After a mainly quiet June, July and first half of August, hurricane forecasters are now keeping a close eye on two tropical systems in the Atlantic. The 2010 hurricane season is heating up! Here's a breakdown of what you need to know:
Hurricane Danielle has weakened to a Category 1 storm, which is the lowest rating on the Saffir-Simpson scale. It's spinning deeper into the open Atlantic far offshore. The storm was previously a Category 2 hurricane late Saturday before it lost strength. The National Hurricane Centre in Miami says it was hundreds of kilometres east of Bermuda, but the tropical storm watch for the island has since been dropped.
Danielle may have not touched land, but the storm kicked up dangerous rip currents along the American eastern seaboard. At least one surfer who was trying to ride the big waves has died in Florida, and dozens of surfers were rescued from the dangerous waters.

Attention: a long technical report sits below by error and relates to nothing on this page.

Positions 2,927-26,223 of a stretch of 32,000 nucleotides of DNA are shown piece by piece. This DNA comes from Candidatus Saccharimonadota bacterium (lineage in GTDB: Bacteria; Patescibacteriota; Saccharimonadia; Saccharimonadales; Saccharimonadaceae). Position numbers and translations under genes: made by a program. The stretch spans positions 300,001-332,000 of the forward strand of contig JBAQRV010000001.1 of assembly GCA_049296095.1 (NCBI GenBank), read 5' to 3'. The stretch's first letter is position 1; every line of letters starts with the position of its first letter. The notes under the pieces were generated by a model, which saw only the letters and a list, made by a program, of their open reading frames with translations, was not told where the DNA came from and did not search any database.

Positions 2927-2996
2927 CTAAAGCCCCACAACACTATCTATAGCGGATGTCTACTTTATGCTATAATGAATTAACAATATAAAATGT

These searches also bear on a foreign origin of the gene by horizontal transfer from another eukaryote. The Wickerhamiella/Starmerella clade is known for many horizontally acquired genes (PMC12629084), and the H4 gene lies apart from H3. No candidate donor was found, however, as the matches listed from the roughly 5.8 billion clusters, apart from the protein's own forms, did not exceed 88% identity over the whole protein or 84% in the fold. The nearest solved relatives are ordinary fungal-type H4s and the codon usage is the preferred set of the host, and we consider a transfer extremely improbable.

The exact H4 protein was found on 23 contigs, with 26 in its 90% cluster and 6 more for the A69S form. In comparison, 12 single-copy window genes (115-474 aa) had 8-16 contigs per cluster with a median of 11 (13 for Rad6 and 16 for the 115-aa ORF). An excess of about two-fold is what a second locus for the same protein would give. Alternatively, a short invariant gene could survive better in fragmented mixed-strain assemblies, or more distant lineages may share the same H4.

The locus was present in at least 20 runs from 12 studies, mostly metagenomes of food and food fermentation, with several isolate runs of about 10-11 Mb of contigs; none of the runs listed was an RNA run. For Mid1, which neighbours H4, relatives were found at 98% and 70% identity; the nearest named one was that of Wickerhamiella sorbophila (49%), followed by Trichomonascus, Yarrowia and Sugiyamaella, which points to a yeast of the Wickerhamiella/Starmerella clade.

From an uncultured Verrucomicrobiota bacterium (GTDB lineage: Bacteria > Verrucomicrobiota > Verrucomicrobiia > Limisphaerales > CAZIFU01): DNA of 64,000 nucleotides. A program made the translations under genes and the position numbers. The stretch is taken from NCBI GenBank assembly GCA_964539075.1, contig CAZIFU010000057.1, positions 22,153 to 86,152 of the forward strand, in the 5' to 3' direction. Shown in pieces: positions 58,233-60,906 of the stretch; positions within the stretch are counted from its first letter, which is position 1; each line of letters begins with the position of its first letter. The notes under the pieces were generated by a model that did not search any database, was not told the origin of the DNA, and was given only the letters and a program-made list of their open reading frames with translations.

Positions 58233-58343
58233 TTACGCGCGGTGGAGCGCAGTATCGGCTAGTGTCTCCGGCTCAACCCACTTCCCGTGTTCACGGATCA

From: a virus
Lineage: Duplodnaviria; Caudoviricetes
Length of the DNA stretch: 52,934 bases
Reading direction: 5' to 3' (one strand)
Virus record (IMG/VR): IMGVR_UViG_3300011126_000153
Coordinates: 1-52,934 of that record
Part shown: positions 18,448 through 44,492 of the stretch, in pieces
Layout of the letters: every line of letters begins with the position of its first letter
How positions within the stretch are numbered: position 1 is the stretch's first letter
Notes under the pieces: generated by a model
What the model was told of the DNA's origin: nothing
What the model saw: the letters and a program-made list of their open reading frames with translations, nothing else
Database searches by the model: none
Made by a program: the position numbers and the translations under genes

Here at home, Danielle will push south of Atlantic Canada by Monday. Currently, the storm is accelerating as a result of an upper level trough moving across the Atlantic Ocean. As indicated by satellite imagery, there is very dry air west of Danielle.
Although no direct public impact is expected, there is a chance of wave swells. The biggest swells are expected to hit the Southern Grand Banks in Newfoundland Sunday night and into Monday. There could also be a chance of rip currents and gale force northeasterly winds reaching the southern fringe of the Grand Banks on Monday.
Earl became a Category 1 hurricane on Sunday. A hurricane warning is in effect for several Caribbean islands.
On Wednesday, Earl had picked up enough steam to become the fifth-named storm of the Atlantic Hurricane season.
For the latest updates on the wind speed and direction of these storms, check our Tropical Storm Centre.
With files from Jill Colton, Lisa Varano and Andrea Stockton